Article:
Sunday, February 3, 2013

why change? aren't we the best?

Ethnocentrism is universal to all societies, but we Americans are particularly given to assuming that our nation and way of life are superior. However, as suggested in the above clip from a recent episode of HBO's The Newsroom, our nation fares rather poorly in comparison to many others on numerous indicators of life quality, and the reasons it does so largely seem to be linked to social and economic inequality. In related vein, this recent article by Mark Santow places the notion of American "exceptionalism" into perspective as he describes the various ways inequality exacerbates life for many of us.


  1. I love this video. It's honest and real- it confronts the viewer with facts that most people are not aware of... and probably don't even want to know.

    From a psychological perspective, most people will refrain from confronting, or even acknowledging, problems and negativities regarding their "in-group"- turning a blind eye protects the self-esteem that is derived from being in this group, and America is an excellent example of an in-group filled with excellent examples of people with unfounded senses of self-esteem.

    The country as a whole has an excellent and noble set of ideals- but not many people are willing to admit that we don't live up to them. In fact, I'd argue that, as a country as a whole, America is rather hypocritical- this hypocrisy is evident in many aspects of American society, including in our unjust amount of social stratification.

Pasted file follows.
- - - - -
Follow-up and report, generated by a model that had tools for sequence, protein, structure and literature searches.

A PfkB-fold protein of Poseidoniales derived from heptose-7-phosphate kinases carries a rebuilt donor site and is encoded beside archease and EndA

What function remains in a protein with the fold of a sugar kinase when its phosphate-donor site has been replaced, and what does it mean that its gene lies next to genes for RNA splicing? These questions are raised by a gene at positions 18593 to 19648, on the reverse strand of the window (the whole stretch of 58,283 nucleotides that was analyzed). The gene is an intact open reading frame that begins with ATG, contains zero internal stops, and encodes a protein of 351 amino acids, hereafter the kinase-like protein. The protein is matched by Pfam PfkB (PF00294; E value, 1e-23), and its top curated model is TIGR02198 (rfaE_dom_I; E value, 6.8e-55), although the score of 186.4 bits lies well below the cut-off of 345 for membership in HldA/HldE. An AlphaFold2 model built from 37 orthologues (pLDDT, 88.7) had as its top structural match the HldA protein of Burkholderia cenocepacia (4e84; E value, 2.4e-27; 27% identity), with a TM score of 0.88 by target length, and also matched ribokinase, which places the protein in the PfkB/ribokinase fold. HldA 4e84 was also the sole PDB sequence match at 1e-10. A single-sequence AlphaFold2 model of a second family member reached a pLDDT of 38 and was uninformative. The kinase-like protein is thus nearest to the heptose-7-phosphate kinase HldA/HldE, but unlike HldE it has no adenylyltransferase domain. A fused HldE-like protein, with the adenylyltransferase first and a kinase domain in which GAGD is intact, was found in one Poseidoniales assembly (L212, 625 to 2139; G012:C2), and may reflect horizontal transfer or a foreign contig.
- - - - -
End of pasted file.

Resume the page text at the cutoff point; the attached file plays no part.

I tend to think of most, if not all, social problems as having underlying psychological explanations. Racism has psychological explanations, exploitation has psychological explanations, class distinctions have psychological explanations, etc, etc. It's not enough to say what the problems are- we have to know what causes the problems.

    As I already mentioned, I think this video's aim is to "burst the bubble" of the unfoundedly patriotic. If we could, as a nation, see that we are not as great as what we think we are, then perhaps then we could start working on the problems that are keeping us from becoming as great as we can be. America has great potential, but we'll never reach it if we don't allow our self-esteems to take that first hit. If we were willing to take that first hit, perhaps we'd improve academically, morally, spiritually, etc.

    I think that the real question here is: how do we create awareness in the public and how can we overcome that initial resistance? How to we circumvent basic human psychology to create a better society?

    Did I mention that I LOVE this video?

    1. Here is a link to an article that explains in more detail the points I was trying to make in my previous comment.

      Nationalism, Patriotism, and Group
      Loyalty: A Social Psychological Perspective